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It's one of those late night chill-out times in our lounge room, a candle burns on the table and the glass of port feels good in the hand and on the throat. #3 son has just gotten home from work and we're talking over the day. He tells me about a dumb job they gave him cause he's new. He explains how he was fully aware that he was being taken advantage of and that they were probably laughing at him but he did it anyway because, as he explained—in their defence—'they were desperate to impress the owners and wanted to make their shop look good, I suppose, an inspection was coming up after all'.

According to one way of thinking he should have quit. 'No one should put up with being treated like that' our world says. If it's unfair it's bad, if it hurts it's wrong. Call the 'whoever it is' and they will fix it for you.

But what if this story isn't about that? What if the real world is much more like a mysterious mythology in which heroes are not winners, survivors and celebrities but warriors who are learning to master their pride and see themselves as on a quest in which everything that comes their way has some significance. And rather than asking 'Is it fair?' 'Does it hurt?' we should be asking, 'Is this a temptation or a gift? An opportunity to serve or to grow in grace?'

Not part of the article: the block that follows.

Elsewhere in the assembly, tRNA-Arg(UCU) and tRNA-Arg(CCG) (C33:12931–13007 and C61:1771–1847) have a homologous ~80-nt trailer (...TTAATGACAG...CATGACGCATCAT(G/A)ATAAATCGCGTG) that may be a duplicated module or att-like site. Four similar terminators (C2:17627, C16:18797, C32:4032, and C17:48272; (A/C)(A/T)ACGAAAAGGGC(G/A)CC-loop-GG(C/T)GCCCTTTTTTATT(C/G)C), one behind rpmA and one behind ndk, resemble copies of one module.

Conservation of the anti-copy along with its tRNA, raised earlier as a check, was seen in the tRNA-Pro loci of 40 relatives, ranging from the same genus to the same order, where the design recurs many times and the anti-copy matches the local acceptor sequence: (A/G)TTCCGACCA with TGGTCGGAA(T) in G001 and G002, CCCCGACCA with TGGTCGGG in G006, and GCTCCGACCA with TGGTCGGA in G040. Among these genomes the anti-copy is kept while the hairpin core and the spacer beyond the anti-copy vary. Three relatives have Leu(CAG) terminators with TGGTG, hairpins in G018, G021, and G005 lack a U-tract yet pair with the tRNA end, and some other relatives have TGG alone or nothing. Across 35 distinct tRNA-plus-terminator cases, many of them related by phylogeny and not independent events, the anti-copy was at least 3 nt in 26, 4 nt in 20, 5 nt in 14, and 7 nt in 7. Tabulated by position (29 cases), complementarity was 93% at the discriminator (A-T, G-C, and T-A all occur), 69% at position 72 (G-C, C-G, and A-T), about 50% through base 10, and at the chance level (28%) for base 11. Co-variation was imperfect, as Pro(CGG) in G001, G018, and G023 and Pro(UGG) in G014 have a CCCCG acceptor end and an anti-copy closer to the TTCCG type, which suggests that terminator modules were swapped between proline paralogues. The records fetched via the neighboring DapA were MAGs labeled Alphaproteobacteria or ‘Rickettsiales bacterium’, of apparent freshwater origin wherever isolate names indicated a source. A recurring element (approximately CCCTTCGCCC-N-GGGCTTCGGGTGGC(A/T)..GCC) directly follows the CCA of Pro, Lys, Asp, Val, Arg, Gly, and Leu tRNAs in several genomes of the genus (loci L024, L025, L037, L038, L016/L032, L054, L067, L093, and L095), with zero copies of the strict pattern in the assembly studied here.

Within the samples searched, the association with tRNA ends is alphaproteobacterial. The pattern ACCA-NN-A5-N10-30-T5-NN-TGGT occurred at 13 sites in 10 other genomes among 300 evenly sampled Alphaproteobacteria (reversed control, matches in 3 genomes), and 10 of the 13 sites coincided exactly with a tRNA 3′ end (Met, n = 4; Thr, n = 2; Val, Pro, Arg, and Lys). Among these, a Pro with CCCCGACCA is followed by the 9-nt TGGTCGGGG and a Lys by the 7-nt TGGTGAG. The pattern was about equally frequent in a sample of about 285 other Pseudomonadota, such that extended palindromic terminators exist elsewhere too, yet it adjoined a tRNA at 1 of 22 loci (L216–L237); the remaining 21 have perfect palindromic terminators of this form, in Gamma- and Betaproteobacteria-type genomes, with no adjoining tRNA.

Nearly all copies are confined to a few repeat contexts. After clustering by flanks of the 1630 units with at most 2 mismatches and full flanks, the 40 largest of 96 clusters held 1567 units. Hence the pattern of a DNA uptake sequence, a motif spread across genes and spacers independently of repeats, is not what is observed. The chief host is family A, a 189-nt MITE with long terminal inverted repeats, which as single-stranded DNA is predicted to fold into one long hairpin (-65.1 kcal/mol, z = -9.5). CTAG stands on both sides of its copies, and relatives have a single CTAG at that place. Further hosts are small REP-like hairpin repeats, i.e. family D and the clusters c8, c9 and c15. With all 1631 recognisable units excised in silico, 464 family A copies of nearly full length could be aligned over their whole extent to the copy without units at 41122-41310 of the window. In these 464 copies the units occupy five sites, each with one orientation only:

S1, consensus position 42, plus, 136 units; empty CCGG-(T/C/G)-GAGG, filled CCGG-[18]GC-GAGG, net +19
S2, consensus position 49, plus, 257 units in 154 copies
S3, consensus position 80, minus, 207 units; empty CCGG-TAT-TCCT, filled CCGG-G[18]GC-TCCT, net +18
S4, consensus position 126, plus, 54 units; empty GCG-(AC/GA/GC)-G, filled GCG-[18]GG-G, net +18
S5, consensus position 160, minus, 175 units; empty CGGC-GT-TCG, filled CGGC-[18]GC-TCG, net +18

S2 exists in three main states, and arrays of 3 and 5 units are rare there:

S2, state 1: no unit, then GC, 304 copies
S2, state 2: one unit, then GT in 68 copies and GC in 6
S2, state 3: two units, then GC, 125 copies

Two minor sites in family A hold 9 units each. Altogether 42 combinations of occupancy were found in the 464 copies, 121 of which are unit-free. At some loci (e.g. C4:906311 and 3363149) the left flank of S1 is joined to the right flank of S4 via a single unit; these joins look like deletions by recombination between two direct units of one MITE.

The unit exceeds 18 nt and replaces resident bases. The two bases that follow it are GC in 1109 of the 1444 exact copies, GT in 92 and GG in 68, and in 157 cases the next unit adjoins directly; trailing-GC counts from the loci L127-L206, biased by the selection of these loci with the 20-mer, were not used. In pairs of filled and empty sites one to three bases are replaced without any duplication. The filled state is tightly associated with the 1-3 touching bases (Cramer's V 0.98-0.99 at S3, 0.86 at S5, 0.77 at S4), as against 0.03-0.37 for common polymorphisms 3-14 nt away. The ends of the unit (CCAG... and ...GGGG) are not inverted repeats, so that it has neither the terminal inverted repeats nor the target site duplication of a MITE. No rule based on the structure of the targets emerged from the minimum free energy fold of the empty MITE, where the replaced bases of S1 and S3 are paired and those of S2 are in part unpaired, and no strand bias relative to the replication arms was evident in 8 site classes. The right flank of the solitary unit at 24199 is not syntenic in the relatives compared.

Thanks to such mythologies entering our imaginations, life becomes much more than a quest for survival, and instead inspires us to expect a thing we might call a 'River of Life', which might enable us to become givers of hope and life and grace. Richard Rohr in his book Falling Upward says that in all the mythologies a deep(and mysterious) wounding is a necessary part of becoming what we are created to be and our refusal to ever allow for anything good in that wounding imperils the possibility of us 'falling down' into the deep and healing magic that was there before time began.